topic badge

11.04 Effects of outliers

Lesson

In statistics we often tend to assume that our data will fit some kind of trend, though we expect a certain amount of variability. This is why we look at measures of central tendency, such as the mean, median and mode, and measures of spread, such as the range and interquartile range.

An outlier is a value that appears inconsistent with the rest of the data. It may stem from an erroneous event that results in a score that is significantly above or below the rest of the data. Outliers can affect some of the measures of central tendency and spread, so we need to understand how to identify outliers and what to do when we find them in our data set.

For example, suppose there are ten people in a long jump contest. Nine of those people made a jump between $4$4 and $5$5 metres, while the other one person only made a jump of $1$1 metre. This last score is an outlier, as the jump is much shorter than the jumps of everyone else in the group.

 

Quantifying outliers

In the example above, it seems a trivial exercise to identify the $1$1 metre jump as an outlier, as it is so obviously at odds with the rest of the data set. When data is more spread out, however, it is necessary to define boundaries beyond which outliers are found. 

In the previous lesson, we explored the five number summary and interquartile range of a data set. Once we know the minimum, lower quartile, median, upper quartile and maximum, we can use this information to determine whether a particular data point can be considered an outlier. To do this, we calculate values that we call the fences.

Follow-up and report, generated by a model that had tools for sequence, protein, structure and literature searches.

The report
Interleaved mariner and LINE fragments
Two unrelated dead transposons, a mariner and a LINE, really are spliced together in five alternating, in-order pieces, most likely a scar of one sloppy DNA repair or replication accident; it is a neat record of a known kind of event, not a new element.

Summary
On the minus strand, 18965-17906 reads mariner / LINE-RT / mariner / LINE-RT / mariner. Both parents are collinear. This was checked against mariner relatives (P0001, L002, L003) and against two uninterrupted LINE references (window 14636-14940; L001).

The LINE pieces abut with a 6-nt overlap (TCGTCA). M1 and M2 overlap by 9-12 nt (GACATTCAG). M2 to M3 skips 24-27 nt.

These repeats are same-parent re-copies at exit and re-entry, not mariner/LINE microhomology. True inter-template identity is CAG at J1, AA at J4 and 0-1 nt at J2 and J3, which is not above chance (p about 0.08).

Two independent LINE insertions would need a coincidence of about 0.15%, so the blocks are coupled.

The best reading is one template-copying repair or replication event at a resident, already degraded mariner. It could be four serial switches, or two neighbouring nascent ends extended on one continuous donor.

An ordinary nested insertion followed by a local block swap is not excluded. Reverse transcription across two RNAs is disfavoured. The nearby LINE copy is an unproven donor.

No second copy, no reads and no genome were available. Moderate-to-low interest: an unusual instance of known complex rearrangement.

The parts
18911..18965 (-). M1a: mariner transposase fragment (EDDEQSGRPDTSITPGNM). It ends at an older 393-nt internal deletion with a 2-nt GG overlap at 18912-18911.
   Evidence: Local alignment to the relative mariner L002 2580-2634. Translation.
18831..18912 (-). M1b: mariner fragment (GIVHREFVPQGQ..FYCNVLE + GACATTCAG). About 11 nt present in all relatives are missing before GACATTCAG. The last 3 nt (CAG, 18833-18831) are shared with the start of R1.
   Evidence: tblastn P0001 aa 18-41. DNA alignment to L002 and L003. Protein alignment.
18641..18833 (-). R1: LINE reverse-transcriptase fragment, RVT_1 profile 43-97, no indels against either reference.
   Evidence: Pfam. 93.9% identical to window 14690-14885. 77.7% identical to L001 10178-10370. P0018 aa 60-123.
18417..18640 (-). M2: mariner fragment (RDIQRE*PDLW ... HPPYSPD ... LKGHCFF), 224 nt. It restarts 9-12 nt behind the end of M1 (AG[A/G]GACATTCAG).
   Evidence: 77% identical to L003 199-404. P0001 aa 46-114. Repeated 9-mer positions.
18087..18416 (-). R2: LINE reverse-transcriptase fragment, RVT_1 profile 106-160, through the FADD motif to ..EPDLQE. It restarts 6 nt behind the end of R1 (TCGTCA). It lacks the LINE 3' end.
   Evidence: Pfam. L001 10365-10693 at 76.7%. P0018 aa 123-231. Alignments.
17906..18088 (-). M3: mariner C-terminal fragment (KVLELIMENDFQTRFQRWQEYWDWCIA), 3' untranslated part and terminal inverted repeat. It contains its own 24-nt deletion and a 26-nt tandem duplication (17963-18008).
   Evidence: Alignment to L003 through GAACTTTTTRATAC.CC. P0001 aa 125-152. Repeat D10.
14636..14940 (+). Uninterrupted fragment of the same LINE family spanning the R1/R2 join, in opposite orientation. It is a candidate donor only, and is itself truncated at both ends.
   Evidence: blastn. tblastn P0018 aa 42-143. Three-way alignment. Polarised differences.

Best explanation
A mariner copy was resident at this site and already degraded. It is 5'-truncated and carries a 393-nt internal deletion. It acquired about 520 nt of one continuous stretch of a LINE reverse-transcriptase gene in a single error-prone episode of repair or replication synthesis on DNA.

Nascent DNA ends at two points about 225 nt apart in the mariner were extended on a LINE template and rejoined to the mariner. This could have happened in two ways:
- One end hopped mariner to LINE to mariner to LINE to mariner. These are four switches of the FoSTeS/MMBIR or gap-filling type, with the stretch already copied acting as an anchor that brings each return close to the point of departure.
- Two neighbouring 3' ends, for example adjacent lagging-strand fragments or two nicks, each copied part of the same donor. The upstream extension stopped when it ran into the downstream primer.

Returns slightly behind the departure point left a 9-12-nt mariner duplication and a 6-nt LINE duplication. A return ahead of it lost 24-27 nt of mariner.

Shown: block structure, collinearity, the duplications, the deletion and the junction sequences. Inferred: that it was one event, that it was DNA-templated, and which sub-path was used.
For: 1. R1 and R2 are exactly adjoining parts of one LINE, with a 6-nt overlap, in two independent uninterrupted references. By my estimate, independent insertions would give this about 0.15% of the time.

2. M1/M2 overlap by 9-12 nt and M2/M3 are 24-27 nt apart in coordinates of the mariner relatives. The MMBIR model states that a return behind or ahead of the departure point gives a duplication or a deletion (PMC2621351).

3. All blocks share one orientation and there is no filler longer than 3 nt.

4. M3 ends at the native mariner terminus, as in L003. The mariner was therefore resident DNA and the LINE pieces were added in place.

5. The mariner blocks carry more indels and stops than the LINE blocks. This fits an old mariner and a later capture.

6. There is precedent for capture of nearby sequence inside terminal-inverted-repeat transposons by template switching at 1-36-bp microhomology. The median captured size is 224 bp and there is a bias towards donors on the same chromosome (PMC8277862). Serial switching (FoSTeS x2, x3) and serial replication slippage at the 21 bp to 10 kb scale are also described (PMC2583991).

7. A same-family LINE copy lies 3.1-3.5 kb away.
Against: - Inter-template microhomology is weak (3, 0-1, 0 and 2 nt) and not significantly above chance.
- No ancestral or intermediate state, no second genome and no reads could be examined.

Once we have calculated the lower fence and the upper fence, any data that falls within the fence lines is not an outlier. Any data that fall outside the fence lines will be considered an outlier.

Calculating the fences

A data point is classified as an outlier if it lies above the upper fence or below the lower fence. These are calculated as follows:

Lower fence $=$= $\text{lower quartile }-1.5\times\text{interquartile range }$lower quartile 1.5×interquartile range
  $=$= $Q_1-1.5\times IQR$Q11.5×IQR

 

Upper fence $=$= $\text{upper quartile }+1.5+\text{interquartile range }$upper quartile +1.5+interquartile range
  $=$= $Q_3+1.5\times IQR$Q3+1.5×IQR

 

Practice questions

Question 1

Identify the outlier(s) in the data set $\left\{73,77,81,86,131\right\}${73,77,81,86,131}.

QUESTION 2

The graph shows the annual net profit (in millions) of a company over a several year period. Identify the year in which the annual net profit is an outlier.

YearNet Profit (millions)102030405060708090100110120200420052006200720082009

Question 3

Consider the dot plot below.

  1. Determine the median, lower quartile score and the upper quartile score.

    Median $=$= $\editable{}$

    Lower quartile $=$= $\editable{}$

    Upper quartile $=$= $\editable{}$

  2. Hence, calculate the interquartile range.

  3. Calculate $1.5\times IQR$1.5×IQR, where IQR is the interquartile range.

  4. An outlier is a score that is more than $1.5\times IQR$1.5×IQR above or below the Upper Quartile or Lower Quartile respectively. State the outlier.

Question 4

Consider the following set of data:

$9$9 $5$5 $3$3 $2$2 $6$6 $1$1

  1. Complete the five-number summary for this data set.

    Minimum $\editable{}$
    Lower quartile $\editable{}$
    Median $\editable{}$
    Upper quartile $\editable{}$
    Maximum $\editable{}$
  2. Calculate the interquartile range.

  3. Calculate the value of the lower fence.

  4. Calculate the value of the upper fence.

  5. Would the value $-3$3 be considered an outlier?

    No

    A

    Yes

    B

    No

    A

    Yes

    B

 

Effects of outliers

Outliers can skew or change the shape of our data.

If we compare two data sets that are identical apart from one outlier, we will see the following:

  • The set with an outlier will have a much larger range.
  • The median of each set will be close together, and might be the same.